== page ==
There's a new contender in the highly-competitive race for Adelaide's best burger.
Cheeseburger opens in the West End
Cheeseburger is located at Unit 3, 189-207 Hindley Street, Adelaide. The shop is open 11am-9.30pm, Monday-Friday. Husam says, “weekends are our only family time”, but as staff are trained up the burger bar might begin weekend trade as well.
The main image above shows a double cheeseburger with scamorza cheese – a combination we can happily recommend.
The burger bar serves up a tightly curated menu of burgers, fries, and soft drinks, and represents a considerable culinary departure from their existing businesses.
Co-owner Husam Al-Sweedy says getting into the already-saturated Adelaide burger market wasn’t really on his to-do list, but Cheeseburger’s location changed his mind.
The little Hindley Street shopfront is just a few doors down from Levant and Not Guilty Blends.
“The location just gave me the right vibe,” he says. “And it is easy to maintain and manage because we have Levant just there, so I can go from this shop to that shop in a couple of minutes.
“But I said to everyone – if we don’t get this location, we’re never opening up a burger joint. But we got it, and our family still has energy in us – we still have more to do and it just looks like a burger joint here, so we did it.”
With the University of South Australia just over the road, Cheeseburger’s main business is servicing the student crowd, but Husam and his family wanted to develop burgers that would appeal to everyone – from students to food connoisseurs.
“Mum does all of the food – we have no say in it. No-one messes with her with the recipes – she did the sauces and patties and everything,” says Husam.
The succinct menu offers just three options – a traditional cheeseburger, a classic cheeseburger, and a double cheeseburger.
Selling only a few products allows the Al-Sweedys to create a point of difference in the market with burgers that are very fresh, and have one customisable star ingredient.
“We just wanted to keep it real simple,” says Husam. “We had a massive argument with the family over if cheeseburgers have lettuce and tomato – so that’s why we had to go with the two versions – classic and traditional.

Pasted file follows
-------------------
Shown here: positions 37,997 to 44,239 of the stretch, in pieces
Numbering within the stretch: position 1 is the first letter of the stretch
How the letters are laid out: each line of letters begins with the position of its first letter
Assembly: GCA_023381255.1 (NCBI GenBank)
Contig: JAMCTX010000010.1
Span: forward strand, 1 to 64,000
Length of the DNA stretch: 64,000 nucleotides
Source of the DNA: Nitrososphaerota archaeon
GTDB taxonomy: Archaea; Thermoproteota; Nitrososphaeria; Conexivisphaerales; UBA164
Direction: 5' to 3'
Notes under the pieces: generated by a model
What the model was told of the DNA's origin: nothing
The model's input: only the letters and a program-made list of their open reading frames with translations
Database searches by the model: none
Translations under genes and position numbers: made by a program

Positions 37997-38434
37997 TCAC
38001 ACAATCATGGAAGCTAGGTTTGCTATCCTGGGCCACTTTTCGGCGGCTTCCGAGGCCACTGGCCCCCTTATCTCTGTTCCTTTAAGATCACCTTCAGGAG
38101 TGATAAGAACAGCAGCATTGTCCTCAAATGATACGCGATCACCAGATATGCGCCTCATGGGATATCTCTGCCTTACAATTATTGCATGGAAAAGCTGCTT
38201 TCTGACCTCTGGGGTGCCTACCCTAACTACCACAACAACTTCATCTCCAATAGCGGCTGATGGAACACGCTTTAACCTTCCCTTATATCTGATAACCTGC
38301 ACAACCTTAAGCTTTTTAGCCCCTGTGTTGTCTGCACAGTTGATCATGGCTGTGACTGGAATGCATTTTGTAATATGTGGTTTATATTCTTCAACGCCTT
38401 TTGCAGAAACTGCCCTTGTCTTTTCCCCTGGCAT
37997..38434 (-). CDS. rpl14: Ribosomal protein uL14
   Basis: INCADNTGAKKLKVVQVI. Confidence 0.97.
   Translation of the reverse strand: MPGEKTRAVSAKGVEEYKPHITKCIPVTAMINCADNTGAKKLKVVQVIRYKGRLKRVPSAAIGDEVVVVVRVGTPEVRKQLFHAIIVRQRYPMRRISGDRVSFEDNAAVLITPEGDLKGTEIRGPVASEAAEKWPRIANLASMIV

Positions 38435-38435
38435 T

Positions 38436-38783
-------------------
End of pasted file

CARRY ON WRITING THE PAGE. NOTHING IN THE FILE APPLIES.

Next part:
‘We do the patties fresh day by day, so we don’t freeze anything, and having only a few things on the menu means we can do that without there being much waste.
“And we use imported cheeses – imported from Italy, and Holland and all of that. That’s our point of difference – you can choose your own cheese with your cheeseburger.”
Like everything else in Cheeseburger, the interior fit-out was done by the family themselves.
The simple and clean yellow and white interior is worlds away from the fluoro-lit yiros shop that formerly occupied the space.
“We stripped it all back – chopped off the ceiling wires, stripped out the equipment, brought it back to concrete,” says Husam. “Sometimes you just have a vision in your head, and every time I tried to work with the existing form it just wasn’t exactly what I wanted.
“Even the work itself – we did long 16 hour days tiling and painting and everything. It’s not to save money – I do it because while I’m working on it you kind of get a bit of a different connection to it.”
Cheeseburger opened about a week ago, and is already bustling with students and tradies when CityMag visits, and Husam says lunchtimes have been busier than anyone could have expected. It’s the kind of early success that proves there’s always room for another good burger option in a small city.